CARES Act Payroll Support to Air Carriers
and Contractors

Updated September 15, 2020
The Coronavirus Aid, Relief, and Economic Security Act (CARES Act; P.L. 116-136), signed into law on
March 27, 2020, provided assistance to consumers and businesses, including aid to air carriers and
eligible contractors. Emergency funds also were provided to eligible airports. Assistance to air carriers in
Division A, Title IV of the CARES Act included loans and loan guarantees, funds to support the pay and
benefits of air carrier workers, and a suspension of aviation excise taxes on air transport of people, cargo,
and aviation fuel through calendar year 2020. This Insight focuses on the payroll support program (PSP).
Section 4112 of the CARES Act provided $32 bil ion in payroll support to aviation workers. From this
amount, the Secretary of the Treasury was authorized to provide up to
 $25 bil ion for passenger air carriers (any air carrier that, during the period from April 1,
2019, to September 30, 2020, derived more than 50% of its air transportation revenue
from the transportation of passengers);
 $4 bil ion for cargo air carriers (any air carrier that, during the period from April 1, 2019,
to September 30, 2020, derived more than 50% of its air transportation revenue from the
transportation of property or mail, or both); and
 $3 bil ion for contractors who provide ground services directly to air carriers, such as
catering services or on-airport functions.
The law specified that the amount received by each air carrier or contractor was to be based on its payroll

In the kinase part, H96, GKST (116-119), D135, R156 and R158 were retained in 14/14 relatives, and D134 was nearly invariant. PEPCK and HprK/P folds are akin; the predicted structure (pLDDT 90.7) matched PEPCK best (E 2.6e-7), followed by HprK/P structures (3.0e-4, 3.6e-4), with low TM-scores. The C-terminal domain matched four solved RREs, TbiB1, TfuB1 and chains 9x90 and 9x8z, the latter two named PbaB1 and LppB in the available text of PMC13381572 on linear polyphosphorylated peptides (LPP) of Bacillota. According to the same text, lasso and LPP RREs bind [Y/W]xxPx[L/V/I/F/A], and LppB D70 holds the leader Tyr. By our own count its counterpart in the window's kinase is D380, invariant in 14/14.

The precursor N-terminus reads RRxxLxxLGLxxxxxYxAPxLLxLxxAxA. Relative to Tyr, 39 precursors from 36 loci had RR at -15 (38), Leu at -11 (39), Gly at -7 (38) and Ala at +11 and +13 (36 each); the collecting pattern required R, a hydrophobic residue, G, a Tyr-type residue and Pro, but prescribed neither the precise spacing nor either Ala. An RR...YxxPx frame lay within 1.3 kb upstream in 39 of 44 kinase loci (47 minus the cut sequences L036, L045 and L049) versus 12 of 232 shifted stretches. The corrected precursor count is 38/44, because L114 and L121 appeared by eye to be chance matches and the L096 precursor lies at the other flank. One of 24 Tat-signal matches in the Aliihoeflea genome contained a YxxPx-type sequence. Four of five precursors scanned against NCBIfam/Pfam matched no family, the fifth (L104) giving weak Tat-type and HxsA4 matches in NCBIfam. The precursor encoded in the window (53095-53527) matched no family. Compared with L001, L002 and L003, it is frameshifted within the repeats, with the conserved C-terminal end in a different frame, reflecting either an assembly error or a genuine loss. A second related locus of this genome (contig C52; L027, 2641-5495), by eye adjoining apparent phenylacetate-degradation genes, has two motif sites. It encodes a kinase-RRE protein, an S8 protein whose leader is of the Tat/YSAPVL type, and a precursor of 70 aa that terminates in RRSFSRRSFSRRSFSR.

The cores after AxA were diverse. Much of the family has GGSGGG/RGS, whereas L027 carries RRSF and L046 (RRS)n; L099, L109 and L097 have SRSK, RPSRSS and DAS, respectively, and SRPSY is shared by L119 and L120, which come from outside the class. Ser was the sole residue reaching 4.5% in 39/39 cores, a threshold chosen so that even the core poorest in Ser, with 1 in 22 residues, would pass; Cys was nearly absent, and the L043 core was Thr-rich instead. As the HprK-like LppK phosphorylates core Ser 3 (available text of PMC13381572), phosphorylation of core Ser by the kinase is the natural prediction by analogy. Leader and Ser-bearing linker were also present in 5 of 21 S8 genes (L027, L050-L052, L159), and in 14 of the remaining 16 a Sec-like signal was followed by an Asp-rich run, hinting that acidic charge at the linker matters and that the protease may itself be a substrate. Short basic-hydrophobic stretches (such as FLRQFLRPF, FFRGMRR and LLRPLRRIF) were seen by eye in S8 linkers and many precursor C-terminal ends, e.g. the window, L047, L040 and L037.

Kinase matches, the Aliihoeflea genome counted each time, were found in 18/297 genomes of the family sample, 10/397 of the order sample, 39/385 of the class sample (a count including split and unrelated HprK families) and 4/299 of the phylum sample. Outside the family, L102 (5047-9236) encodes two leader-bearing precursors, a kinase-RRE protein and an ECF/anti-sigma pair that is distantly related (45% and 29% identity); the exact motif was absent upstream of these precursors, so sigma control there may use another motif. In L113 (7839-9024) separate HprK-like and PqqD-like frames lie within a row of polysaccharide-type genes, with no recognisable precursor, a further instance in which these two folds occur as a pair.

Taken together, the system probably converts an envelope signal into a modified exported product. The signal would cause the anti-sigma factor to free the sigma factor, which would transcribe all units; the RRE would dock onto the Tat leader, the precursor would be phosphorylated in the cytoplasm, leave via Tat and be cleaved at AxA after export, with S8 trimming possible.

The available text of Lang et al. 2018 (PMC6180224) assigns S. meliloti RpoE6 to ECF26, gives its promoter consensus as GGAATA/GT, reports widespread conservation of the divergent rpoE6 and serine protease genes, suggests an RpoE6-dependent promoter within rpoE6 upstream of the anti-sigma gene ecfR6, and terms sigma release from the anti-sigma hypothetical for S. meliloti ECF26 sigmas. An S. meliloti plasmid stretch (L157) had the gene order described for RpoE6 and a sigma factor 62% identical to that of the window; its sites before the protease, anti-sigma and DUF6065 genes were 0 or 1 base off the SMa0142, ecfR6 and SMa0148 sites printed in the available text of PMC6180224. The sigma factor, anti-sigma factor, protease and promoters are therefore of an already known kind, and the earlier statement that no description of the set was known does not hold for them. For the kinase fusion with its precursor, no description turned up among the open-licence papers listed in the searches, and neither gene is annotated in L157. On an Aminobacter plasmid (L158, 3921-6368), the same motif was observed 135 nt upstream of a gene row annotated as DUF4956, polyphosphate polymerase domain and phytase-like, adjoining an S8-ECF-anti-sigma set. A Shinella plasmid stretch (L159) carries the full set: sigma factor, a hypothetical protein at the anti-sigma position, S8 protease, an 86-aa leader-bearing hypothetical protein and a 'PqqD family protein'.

expenses for the six-month period from April through September 2019, and that the payroll support funds
must be used exclusively for continuing the payment of employee wages, salaries, and benefits. The law
also required that air carriers or contractors receiving payroll support must refrain from conducting
involuntary layoffs or furloughs or reducing pay rates and benefits from the day the payroll support
agreement was executed until September 30, 2020.
According to the CARES Act, air carriers and contractors receiving payroll support also must comply
with other program terms and conditions, including continuation of certain air service deemed necessary
by the Secretary of Transportation, refraining from stock buybacks or dividend payments through
September 30, 2021, and limiting the compensation of highly paid employees until March 24, 2022.
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Administered by the U.S. Treasury, PSP has generated considerable interest from airlines and contractors.
Treasury data show that, by early September 2020, more than $27 bil ion in payroll support had been
approved for disbursement to 595 recipients, including 343 passenger airlines, 36 cargo carriers, and 216
Although Treasury set April 27, 2020, as the deadline for PSP applications, it agreed to accept and
consider applications beyond the deadline, subject to the availability of funds. Program data indicate that
Treasury accepted and approved applications in the months after the original deadline, as shown in Table
Table 1. CARES Act Payroll Support Program (PSP)
(As of September 3, 2020)

Passenger Airlines